Veteran Nigerian TV and film producer, Mo Abudu has partnered with Netflix to create features from western Africa as part of its continued expansion into Africa.
The American media streaming service and producer, Netflix, partnered with Mo Abudu to create new content from the west African nation to create two original series as well as multiple Netflix-branded films.
In a statement released Friday, Dorothy Ghettuba, Netflix’s lead for original series in Africa, said the streaming giant is working with Abudu because of her “passion for creating high-quality, riveting multi-genre films.”
Mo Abudu through EbonyLife which she owns, has produced over 5,000 hours of original television shows and top Nollywood films such as “Fifty” and “The Wedding Party,” which grossed 3.5 billion naira (about $11.5 million) in its 2016 release.
According to CNN, the partnership with Netflix will see on-screen adaptations of literary works by two award-winning Nigerian authors, Lola Shoneyin and Wole Soyinka.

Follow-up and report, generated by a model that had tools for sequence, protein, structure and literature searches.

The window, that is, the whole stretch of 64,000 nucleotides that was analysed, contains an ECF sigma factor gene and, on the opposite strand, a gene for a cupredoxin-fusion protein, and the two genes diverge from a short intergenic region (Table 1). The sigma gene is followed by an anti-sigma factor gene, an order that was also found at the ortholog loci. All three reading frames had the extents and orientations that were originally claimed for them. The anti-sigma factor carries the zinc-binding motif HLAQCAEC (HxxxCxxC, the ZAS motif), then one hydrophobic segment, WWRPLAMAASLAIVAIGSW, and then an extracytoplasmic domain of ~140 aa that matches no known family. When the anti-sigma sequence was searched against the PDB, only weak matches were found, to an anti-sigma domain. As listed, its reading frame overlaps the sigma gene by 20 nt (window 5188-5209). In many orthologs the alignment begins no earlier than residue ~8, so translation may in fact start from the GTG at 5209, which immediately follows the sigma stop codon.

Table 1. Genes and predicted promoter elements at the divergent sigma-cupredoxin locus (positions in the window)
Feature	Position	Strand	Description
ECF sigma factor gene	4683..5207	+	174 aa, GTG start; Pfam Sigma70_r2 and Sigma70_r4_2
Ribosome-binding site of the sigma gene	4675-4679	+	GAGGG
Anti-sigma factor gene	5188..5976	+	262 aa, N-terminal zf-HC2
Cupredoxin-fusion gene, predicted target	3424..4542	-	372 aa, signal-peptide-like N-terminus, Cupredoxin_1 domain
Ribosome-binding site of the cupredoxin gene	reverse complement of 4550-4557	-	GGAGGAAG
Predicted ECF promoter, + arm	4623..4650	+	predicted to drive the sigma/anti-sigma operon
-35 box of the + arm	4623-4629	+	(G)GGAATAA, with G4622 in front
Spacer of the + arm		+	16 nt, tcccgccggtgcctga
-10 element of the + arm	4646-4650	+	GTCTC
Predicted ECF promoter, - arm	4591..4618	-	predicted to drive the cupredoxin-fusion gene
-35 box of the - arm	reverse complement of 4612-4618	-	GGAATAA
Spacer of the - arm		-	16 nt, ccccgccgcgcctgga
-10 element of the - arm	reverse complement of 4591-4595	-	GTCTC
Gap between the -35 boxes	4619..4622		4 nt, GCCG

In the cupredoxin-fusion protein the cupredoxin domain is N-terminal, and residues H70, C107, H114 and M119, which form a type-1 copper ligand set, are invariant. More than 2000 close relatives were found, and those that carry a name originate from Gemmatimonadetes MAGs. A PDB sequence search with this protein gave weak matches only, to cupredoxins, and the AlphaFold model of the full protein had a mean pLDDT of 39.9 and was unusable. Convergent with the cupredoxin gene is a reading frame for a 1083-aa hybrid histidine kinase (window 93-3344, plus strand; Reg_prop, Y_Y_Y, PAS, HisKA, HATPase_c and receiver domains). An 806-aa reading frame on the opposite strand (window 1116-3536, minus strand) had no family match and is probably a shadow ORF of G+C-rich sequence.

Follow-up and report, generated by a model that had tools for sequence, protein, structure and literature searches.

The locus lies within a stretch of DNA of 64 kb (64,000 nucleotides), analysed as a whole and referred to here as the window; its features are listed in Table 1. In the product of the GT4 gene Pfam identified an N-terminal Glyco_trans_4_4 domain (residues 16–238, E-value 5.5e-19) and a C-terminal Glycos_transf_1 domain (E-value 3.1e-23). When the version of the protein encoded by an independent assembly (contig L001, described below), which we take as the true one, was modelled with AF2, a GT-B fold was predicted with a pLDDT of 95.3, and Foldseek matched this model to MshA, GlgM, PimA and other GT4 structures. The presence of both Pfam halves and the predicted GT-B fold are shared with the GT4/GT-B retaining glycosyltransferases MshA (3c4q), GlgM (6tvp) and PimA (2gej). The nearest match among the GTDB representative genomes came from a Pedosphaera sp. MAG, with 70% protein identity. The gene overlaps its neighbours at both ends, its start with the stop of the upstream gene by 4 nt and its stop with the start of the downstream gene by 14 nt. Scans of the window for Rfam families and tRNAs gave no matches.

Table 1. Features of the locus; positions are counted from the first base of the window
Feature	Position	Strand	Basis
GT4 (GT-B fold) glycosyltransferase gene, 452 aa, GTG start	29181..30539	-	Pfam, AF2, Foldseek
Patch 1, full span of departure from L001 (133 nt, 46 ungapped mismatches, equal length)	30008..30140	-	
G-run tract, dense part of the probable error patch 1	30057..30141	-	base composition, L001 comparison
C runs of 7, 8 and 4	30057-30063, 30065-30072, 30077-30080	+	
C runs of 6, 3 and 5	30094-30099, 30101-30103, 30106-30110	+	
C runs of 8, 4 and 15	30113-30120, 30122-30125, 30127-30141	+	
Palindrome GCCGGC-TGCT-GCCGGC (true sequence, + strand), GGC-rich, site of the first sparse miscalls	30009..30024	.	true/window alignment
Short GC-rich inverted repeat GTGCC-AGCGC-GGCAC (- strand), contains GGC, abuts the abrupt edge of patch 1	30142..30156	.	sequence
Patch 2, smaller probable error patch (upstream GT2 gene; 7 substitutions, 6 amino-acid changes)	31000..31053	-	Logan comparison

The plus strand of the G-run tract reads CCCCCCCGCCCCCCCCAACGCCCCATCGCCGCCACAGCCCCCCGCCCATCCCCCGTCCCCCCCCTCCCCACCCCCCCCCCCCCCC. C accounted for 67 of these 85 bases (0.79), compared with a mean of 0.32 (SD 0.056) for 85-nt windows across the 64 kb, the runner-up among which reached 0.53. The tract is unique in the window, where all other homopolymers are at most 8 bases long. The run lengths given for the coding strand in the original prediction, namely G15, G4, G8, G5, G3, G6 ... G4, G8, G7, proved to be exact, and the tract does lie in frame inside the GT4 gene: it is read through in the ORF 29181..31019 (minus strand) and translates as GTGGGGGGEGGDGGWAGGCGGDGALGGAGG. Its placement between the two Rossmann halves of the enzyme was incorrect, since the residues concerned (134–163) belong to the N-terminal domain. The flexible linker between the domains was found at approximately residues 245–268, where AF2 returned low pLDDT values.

Shoneyin’s debut novel, “The Secret Lives of Baba Segi’s Wives,” will be developed into a series, and Soyinka’s play, “Death and the King’s Horseman,” will be adapted into a film.
“We’re thrilled about this first-of-its-kind partnership in Africa that will bring some of Nigeria — and Africa’s — most iconic storytelling to screen. We look forward to supporting Mo as she brings all these diverse Nigerian stories to the world,” Ghettuba said in a statement.
Abudu said the partnership is a testament to Netflix’s investment in African storytelling.
Soyinka, whose play is being adapted into a film, said in a statement that it is a “delight” to see Abudu’s production company, EbonyLife, thrive in the male-dominated filmmaking scene.
“In a creative industry which, even in pioneering countries, is so male-dominated, it is always a delight to see robust challenges offered by the female gender, and of attestable quality. Mo Abudu’s incursion into this arena as film and television producer has been especially stimulating,” he said.
Similarly, Shoneyin, whose novel is being adapted into a series, said she is “thrilled” that her work is going to be depicted through a partnership with Abudu and Netflix.
N is for Naija. N is for Nollywood. N is the 14th alphabet. 14 is also how many great talents you're looking at. N is for Netflix. But most importantly…hello, Nigeria! pic.twitter.com/js8z3LIyM3
— Netflix Naija (@NetflixNaija) February 25, 2020